In April, Novo Nordisk announced it has successfully resubmitted Tresiba, a long-acting insulin, to the FDA for approval, according to a Fierce Pharma article.
In 2013, the FDA surprised Novo Nordisk officials when it rejected Tresiba due to concerns over cardiovascular risks. Novo has been conducting safety research ever since to allay the concerns of federal regulators. Tresiba has already launched in Europe, Mexico and Japan. If given the green light this time around, the basal insulin would be sold in the U.S. in 2015 or 2016, and it would be projected to generate $3 billion a year in global sales.
According to a Fierce Biotech report on Tresiba, Novo’s resubmission of Tresiba could backfire for a couple of reasons, say analysts. First, only a small group of employees has actually seen the new safety data. Secondly, the data is taken from an incomplete research study. However, the Denmark-based company is confident that the results they’ve collected so far are good enough. Also, if the company were to wait for full results, Tresiba’s launch would be delayed by a year.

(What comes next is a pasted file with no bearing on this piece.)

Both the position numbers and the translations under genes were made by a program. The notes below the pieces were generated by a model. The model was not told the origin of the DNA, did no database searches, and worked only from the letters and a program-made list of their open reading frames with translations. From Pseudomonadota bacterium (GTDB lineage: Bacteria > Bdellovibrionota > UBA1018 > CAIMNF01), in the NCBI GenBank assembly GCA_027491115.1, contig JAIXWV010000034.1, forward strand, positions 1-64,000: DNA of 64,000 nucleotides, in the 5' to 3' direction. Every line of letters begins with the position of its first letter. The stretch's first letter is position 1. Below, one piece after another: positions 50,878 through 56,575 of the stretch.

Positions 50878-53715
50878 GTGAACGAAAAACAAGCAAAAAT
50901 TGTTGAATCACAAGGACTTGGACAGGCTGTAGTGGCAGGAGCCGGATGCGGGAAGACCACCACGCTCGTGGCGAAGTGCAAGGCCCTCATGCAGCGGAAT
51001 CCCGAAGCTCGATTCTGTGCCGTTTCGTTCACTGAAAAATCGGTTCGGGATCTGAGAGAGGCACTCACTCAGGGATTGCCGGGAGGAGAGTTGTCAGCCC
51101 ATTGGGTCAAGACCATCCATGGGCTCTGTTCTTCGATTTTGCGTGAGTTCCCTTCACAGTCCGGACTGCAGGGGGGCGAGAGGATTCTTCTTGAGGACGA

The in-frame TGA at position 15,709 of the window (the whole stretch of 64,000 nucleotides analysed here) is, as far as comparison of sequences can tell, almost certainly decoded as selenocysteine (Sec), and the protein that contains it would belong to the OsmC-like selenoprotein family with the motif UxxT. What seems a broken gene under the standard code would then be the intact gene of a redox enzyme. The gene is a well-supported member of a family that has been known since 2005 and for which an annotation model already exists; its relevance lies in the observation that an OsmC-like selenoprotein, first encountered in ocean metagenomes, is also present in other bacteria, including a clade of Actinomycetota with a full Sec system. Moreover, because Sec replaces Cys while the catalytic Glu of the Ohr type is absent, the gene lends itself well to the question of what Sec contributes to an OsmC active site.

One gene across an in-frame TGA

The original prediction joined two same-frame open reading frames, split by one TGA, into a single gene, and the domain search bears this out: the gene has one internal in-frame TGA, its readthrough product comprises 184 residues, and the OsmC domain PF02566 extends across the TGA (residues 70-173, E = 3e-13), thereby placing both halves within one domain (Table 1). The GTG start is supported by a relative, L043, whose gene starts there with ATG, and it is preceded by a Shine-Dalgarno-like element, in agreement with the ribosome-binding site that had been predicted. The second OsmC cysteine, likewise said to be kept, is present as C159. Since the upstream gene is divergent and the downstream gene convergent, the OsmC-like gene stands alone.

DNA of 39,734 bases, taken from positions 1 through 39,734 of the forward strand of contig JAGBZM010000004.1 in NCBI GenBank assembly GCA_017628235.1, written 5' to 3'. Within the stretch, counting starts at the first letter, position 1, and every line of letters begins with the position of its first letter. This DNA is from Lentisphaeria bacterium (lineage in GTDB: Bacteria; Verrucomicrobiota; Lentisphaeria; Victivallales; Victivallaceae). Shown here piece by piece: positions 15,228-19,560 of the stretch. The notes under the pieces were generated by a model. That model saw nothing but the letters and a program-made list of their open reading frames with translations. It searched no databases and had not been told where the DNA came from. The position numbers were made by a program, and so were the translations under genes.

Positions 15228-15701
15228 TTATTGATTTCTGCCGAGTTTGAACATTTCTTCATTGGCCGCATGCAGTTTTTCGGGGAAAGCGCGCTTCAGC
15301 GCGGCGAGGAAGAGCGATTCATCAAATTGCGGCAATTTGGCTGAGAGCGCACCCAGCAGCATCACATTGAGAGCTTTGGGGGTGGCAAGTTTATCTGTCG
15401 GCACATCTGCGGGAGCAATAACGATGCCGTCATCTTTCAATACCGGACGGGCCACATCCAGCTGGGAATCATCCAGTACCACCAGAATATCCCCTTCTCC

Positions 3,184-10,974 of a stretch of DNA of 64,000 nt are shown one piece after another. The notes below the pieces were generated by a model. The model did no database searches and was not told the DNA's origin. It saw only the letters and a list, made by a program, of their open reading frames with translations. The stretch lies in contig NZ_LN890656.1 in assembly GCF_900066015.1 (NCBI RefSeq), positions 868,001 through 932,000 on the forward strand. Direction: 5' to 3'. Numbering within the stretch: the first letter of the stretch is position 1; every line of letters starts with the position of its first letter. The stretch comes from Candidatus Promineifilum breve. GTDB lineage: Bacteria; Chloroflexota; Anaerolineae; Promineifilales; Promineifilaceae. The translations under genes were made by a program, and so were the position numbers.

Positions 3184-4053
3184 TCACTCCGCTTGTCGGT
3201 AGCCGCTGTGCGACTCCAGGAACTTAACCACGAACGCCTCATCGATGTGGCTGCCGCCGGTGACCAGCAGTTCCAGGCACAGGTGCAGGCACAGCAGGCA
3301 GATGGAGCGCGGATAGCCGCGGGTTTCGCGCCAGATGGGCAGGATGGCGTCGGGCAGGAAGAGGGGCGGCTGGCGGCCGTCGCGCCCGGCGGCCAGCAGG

If Tresiba is approved by the FDA, it will be another threat to the dominance of Lantus, Sanofi’s best-selling long-acting insulin. Novo Nordisk wants to get Tresiba to market before Sanofi’s own new long-acting insulin formula, Toujeo, has a chance to gain market share.
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